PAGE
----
The second thing I thought was how the hell was I going to get this bag to my hotel. Marc and James were in the same situation and as we smoked our duty-free bought cigarettes our massive bags sat in an untidy heap like passed out Australians at Oktoberfest.
I can remember the tube ride from Heathrow to Earls Court. The carriages had seats along each wall, facing the centre of the aisle. They are designed for people, not luggage. We stood there, three boys, each with 100 Litre bags, in everyone's way. Each time the carriage lurched forward or slowed to at a station, the three of us were thrown down the aisle, to be collected at one end or the other, indiscriminately treading on shoe and boot alike. Luckily the people on the tube were more Englanders than Londoners and were to polite to say anything.
Eventually we traversed the six zones and alighted onto the platform. The only way that I could get up the stairway, to street level was to angle myself forward so as to form a counter-weight to my massive bag, hold only the handrail and heave myself up two or three stairs at a time. It was slow going. I can remember a glimmer of something which I now recognise to be the realisation of irony. Here I was - come to be free, tear myself from home turf and history and weighing me down was this colossus of a bag like some grotesque hump, containing half my history in it.
Luggage invites metaphor - think emotional baggage for example. The actual meaning of these metaphors always hit the same registers - your freedom and movement are restricted by this "baggage" which is entirely superfluous to your needs. Thinking back to what I actually packed for London it was ridiculous. There were suit jackets, rain jackets, multiple pairs of shoes, that, through lack of use, slowly worked their way towards the bottom. By the end I could take a soil sample and tell what I didn't need by what I didn't by its relative position in my pack. As the trip continued and I accumulated various presents and items. I also got as strong as an ox By the end this 100 L albatross was packed to bursting point, weighing 40 kg, with weird protrusions and lumps it looked and felt like 20 cutlery draws had been emptied, then wrapped in a bedsheet.
This time around I am trying something different. I once read somewhere that when travelling to the US bring half the amount of clothes and twice the amount of money. I'd say this holds anywhere except the third world and I want to put it to the test having traded my 100 L Goliath for a more modest 40 L number. Its not enough to just scale down the operation though - it has to be done right. Apply minimalism to packing - reduce to just the necessary elements and derive beauty in function. In keeping with this concept, you bring as little as possible but what you bring has to be versatile, compact and rugged - the premium is on the right stuff not just not much stuff. Consider the bag itself - this time I am going with a hybrid which has both wheels, for pulling on the ground and straps for it to function as a backpack. It weighs just over 2kg and can have a daypack attached to the front.
Once you have the bag there are simple rules for packing:
- Forget the formalwear - truth is you're probably not going to get invited to a Raj's weddings and if you do, the stripped back explorer look is going to give you way more cred than a suit that looks like it's been ridden hard and put away wet.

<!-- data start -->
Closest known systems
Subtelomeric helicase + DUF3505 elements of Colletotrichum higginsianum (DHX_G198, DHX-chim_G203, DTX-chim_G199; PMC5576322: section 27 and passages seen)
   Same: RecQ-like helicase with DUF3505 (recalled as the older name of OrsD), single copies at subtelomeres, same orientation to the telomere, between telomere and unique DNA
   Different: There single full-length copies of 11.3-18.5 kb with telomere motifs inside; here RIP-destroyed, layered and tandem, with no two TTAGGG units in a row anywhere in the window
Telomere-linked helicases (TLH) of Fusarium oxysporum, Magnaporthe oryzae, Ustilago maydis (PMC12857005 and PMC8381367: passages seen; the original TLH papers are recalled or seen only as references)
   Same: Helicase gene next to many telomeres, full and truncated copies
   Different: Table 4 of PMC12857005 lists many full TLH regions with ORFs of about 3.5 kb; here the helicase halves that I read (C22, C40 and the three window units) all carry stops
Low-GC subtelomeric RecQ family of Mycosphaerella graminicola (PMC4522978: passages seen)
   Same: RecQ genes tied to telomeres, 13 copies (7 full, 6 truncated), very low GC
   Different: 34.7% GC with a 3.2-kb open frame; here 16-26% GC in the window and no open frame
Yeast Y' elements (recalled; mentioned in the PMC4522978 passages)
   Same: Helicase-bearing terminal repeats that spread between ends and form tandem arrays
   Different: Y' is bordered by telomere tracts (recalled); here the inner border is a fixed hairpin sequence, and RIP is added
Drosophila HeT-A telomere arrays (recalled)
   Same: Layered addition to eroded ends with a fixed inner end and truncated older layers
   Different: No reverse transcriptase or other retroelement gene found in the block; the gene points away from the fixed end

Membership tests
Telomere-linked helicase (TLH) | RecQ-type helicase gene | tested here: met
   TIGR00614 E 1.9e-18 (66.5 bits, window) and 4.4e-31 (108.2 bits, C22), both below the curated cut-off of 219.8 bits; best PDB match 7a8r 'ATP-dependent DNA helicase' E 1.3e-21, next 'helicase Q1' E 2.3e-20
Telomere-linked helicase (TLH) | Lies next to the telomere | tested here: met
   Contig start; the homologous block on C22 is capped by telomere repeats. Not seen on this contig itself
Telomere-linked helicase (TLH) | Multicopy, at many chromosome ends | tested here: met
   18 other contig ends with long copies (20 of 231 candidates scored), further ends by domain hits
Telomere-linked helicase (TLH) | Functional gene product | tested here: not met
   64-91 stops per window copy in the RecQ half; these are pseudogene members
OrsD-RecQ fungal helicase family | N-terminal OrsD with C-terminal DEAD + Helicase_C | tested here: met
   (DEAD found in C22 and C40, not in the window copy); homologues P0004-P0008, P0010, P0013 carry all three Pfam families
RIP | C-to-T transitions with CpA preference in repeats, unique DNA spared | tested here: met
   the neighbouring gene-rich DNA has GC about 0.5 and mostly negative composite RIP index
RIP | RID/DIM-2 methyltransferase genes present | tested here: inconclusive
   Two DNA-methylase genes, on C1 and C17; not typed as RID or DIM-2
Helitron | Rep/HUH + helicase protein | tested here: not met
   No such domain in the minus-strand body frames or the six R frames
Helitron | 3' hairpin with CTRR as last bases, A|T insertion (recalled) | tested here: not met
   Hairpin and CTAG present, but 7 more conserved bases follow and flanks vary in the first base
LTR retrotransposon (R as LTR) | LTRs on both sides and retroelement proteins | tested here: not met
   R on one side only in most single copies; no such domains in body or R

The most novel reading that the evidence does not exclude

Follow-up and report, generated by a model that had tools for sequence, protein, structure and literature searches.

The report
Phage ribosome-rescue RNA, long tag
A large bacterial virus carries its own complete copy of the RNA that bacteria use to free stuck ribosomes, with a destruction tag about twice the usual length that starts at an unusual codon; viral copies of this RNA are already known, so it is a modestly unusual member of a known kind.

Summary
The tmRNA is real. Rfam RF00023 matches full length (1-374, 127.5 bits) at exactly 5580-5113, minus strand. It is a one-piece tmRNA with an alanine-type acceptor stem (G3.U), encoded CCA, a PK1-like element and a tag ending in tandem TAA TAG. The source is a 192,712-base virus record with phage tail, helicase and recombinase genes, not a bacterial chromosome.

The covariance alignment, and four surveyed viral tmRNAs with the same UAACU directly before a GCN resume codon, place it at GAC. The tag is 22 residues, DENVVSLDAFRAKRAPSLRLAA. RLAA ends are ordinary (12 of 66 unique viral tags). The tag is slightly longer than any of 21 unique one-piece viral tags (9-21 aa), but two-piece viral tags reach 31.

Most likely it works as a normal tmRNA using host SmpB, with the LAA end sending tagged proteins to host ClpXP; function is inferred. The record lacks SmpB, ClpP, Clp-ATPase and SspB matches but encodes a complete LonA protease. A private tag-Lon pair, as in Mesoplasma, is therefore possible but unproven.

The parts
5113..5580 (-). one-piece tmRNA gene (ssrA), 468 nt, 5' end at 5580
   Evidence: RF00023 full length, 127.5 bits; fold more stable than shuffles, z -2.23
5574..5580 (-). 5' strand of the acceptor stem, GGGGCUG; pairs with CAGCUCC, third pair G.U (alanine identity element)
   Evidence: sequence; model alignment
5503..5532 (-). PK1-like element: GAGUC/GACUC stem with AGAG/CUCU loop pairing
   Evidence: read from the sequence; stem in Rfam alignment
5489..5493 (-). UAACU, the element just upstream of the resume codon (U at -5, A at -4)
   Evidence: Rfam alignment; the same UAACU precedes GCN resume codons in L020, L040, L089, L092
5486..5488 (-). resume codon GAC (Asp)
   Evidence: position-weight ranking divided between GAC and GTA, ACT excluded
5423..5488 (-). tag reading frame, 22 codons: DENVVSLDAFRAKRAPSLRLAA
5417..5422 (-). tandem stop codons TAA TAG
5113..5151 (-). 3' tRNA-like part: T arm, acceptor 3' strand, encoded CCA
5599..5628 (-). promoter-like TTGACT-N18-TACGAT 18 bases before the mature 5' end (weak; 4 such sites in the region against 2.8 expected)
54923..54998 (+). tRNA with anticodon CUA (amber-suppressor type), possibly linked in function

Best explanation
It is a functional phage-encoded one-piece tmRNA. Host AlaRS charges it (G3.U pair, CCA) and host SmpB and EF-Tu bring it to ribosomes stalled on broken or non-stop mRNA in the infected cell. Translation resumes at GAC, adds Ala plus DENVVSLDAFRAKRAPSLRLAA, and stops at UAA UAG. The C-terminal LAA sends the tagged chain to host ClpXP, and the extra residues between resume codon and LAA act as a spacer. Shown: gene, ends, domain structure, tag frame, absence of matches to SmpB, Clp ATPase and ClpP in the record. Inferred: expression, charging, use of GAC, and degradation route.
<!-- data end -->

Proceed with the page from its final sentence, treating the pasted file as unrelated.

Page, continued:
- Mention the unmentionables - undies and socks for at least a week. You don't want to be washing the same pair every night and for god's sake spare a thought for them too. Irrespective of the state of your top layers - put on fresh undies and socks and you'll feel like a millionaire.
- Digitize - sure it's going to be great to have half the literary canon of western civilization on that long train ride but is it worth having your spine bent into an ampersand? Get a Kindle or better yet audiobooks are awesome and can be listened to with the lights off so you're not going to piss anyone in the dorm off.
- Pack for the season - look up the weather conditions of where you are going in advance, the average temperature range and rainfall, and pack for that. Cleave items unsuitable for this range from your packing list.
- Layers - are versatile - thermal underwear can be crammed into a pencil case and when combined with a shirt and a jumper can be just as warm as a big jacket. You don't need a different shirt for the cold as for when it's hot - you need one jumper.
- Do a Practice pack - this sounds nerdy but the last thing you want is to be wandering into Sydney airport looking like a bag lady because you got too ambitious on luggage buying day for luggage packing day.
- Buy a microfibre travel towel - when I went to London I bought a "bath sheet" from Debenhams which when subjected to geological amounts of pressure could be compressed into the size and density of a bowling ball. Ridiculous. Truth is even most towels will take up more room than their worth and be a sad soggy weight in your sack.
- Tear out relevant sections of Travel guides - your reverence for your books is going to have to play second fiddle to your reverence for your back. Why carry around weight that you're never going to use?
- Beauty in function - learn to get off on economy of space. A Swiss army knife or a leather-man is beautiful because it's the product of so much thought, because you can stick them in your pocket and because it sets you free. Unless, of course, you forget to take it out of your carry on luggage.
- General rule - when I thought about it, all the extraneous stuff in my luggage was the result of a bunch of "what-if" statements, made at home which never eventuated. Strip this mode of thinking while your working out what to bring. You will be left with what you actually need.